Long-time friend Roger Ashby offers this unique recollection during the pre-Beatles wait that evening. “For some reason, I remember hearing the [summer of ’66 hit] song ‘Bus Stop’ by the Hollies.” [Note] Probably played over ‘the Gardens’ PA system during the intermission

Beatles:N:ATourBook:1966 After what seemed like an eternity, the stage, prepped with their usual Marshall guitar amplifiers, was ready and it was showtime!

I’m deliberately keeping the description of the concert itself short – both to give an actual sense of its brevity and because that’s how it was! It seemed it was over in the blink of an eye.

(Right) The Official Beatles 1966 Tour Program

Let me just say that everything you’ve likely seen or heard about mid-’60s ‘Beatlemania’ is totally accurate. It truly was complete and utter bedlam!

After being introduced by local iconic radio personality “Jungle” Jay Nelson from 1050 CHUM, Tony states, “The lads bounded on stage as everyone stood on their seats, us on the floor, until the end of a less than 30 minute concert.”

Despite being in (on) floor seats – row LLL, do the math – I could see the show by navigating my head above or to the sides of the ones directly in front of me; and they were doing the same.

In fact, we all could have given boxing great Muhammad Ali a run for his money with his famed ‘bob and weave’ technique.

But, as for the sound, plainly very little could be heard by yours truly. Only occasional waves of audio drifting past my ears would help me identify each of the tunes from their 11-song set.

About his aural experience, Tony remarks, “The screaming was the loudest sound that I had ever heard of to that point in my life and it continued for the whole show. I recall hearing wafts of sound of each song through the din with the only clearly sustained song being the first few words and notes of ‘Yesterday.’

I remember standing on floor seats” says Ashby, who has anchored Toronto’s top-rated morning radio show on CHUM-FM for more than three decades. “Also the deafening screaming, and by today’s standards, a short set.”

About the Fab Four’s all-too-brief appearance, Tony concurs, “In no time at all, the house lights came on and it was all over.”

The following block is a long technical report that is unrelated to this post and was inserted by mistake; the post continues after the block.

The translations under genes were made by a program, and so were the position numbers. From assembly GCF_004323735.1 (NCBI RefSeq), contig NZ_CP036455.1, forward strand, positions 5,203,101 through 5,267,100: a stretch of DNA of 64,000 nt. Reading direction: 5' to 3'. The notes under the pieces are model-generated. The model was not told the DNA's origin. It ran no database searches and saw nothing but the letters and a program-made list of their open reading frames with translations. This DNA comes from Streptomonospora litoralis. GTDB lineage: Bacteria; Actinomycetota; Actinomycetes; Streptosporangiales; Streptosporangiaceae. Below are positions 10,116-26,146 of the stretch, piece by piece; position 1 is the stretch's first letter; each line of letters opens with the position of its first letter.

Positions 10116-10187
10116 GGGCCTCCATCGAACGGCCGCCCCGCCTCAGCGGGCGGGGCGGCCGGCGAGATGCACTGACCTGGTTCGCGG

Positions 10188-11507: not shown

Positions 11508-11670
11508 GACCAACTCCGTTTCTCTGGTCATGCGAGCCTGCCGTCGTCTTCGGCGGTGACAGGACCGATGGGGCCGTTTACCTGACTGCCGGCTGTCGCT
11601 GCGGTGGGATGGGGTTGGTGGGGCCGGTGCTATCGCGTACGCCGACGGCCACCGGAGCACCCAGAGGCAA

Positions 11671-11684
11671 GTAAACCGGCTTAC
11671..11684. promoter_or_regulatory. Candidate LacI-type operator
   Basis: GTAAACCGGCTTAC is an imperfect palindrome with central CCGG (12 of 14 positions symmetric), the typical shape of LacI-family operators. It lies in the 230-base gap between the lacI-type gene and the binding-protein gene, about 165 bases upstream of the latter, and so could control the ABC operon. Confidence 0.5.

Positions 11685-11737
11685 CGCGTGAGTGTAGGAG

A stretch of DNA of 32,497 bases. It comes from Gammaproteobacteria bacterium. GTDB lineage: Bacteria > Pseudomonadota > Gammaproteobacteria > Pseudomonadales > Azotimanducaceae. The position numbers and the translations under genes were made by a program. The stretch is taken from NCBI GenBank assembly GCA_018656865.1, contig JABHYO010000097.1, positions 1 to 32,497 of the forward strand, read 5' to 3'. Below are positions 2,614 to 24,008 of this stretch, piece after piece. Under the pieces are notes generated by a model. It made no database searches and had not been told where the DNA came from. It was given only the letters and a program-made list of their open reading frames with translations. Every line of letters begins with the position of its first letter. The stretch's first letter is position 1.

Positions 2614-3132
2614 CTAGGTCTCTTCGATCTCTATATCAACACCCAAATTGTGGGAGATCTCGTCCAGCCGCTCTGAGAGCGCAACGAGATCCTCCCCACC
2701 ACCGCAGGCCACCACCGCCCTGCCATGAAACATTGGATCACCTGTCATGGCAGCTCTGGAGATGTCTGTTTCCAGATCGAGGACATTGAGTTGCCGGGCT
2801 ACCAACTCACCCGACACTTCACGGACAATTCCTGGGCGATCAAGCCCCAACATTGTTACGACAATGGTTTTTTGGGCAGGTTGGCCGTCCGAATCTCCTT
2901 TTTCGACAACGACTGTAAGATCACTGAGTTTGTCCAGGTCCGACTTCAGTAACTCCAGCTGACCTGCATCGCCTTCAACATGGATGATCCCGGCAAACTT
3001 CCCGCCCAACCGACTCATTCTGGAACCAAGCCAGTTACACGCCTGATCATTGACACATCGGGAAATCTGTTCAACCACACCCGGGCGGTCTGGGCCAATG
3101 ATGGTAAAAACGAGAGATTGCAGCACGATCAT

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Beatles:Concert:MLG:1966 -1 Maple Leaf Gardens, August 17th, 1966

But, as seen on my actual concert ticket stub previously pictured above, $5.50 for 30 minutes of pure pandemonium was a pretty good deal!

Beatles:Concert:MLG:1966 -2 Maple Leaf Gardens, August 17th, 1966

For that (now) unbelievable pittance, I had just witnessed (more like experienced) the ninth last live Beatles concert ever! Their final appearance as a group was just 12 days (and 9 performances) away at San Francisco’s Candlestick Park on August 29th.

I distinctively remember going over that set list on the bus ride home that night” Tony also recalls.

[Note] In fact, with no paper readily available for taking notes, we used one of the Sam The Record Man bags containing some of the 45s we’d bought earlier to jot down the exact order of the song titles they’d performed before we forgot. That bag is still packed away somewhere in one of my stored boxes of music memorabilia.

Another lasting – and personal – memory from Roger. “That was my mother’s 49th birthday.” And he adds, “I still have my ticket stub.”

John, Paul, George and Ringo would be gone the next morning – off to Boston for concert tour show number 10.

But, unlike 1964 and 1965, the Beatles would never again return.




[Note] Some Beatles fans consider the impromptu Apple Records rooftop concert in mid-town London on January 30, 1969 (above) to be their true, final live performance.

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📝 The Beatles Played Their Final Concert 50 Years Ago

📝 Remembering Beatles’ Final Concert

📝 The Untold Story of the Beatles Last Concert

📝 The Beatles Never Intended To Quit Touring For Good

🎬 Toronto Remembers the ’66 Beatles Concerts with a New Exhibit

📝 Rare Beatles In Toronto Poster on Display

📝 Toronto’s Last Brush With Beatlemania

📝 Toronto Commemorates the August 17, 1966 Beatles Visit with a Special Concert

📷 Seven Rare Vintage Photos of the Beatles in Toronto

🔊 The Beatles Are Live And Sounding Better Than Ever


Producer Ron’s Howard‘s forthcoming documentary THE BEATLES: Eight Days A Week – The Touring Years debuts in select theaters on September 16th, with exclusive streaming on Hulu beginning one day later.

Here’s the trailer.

By Rick Murray Hunter /

Special Thanks to Roger Ashby and Tony Busbridge

Thanks to / / / / / / /

Some photos courtesy of the Boris Spremo / Toronto Star

Ticket Stub and Tour Program: The Collection of Rick Murray Hunter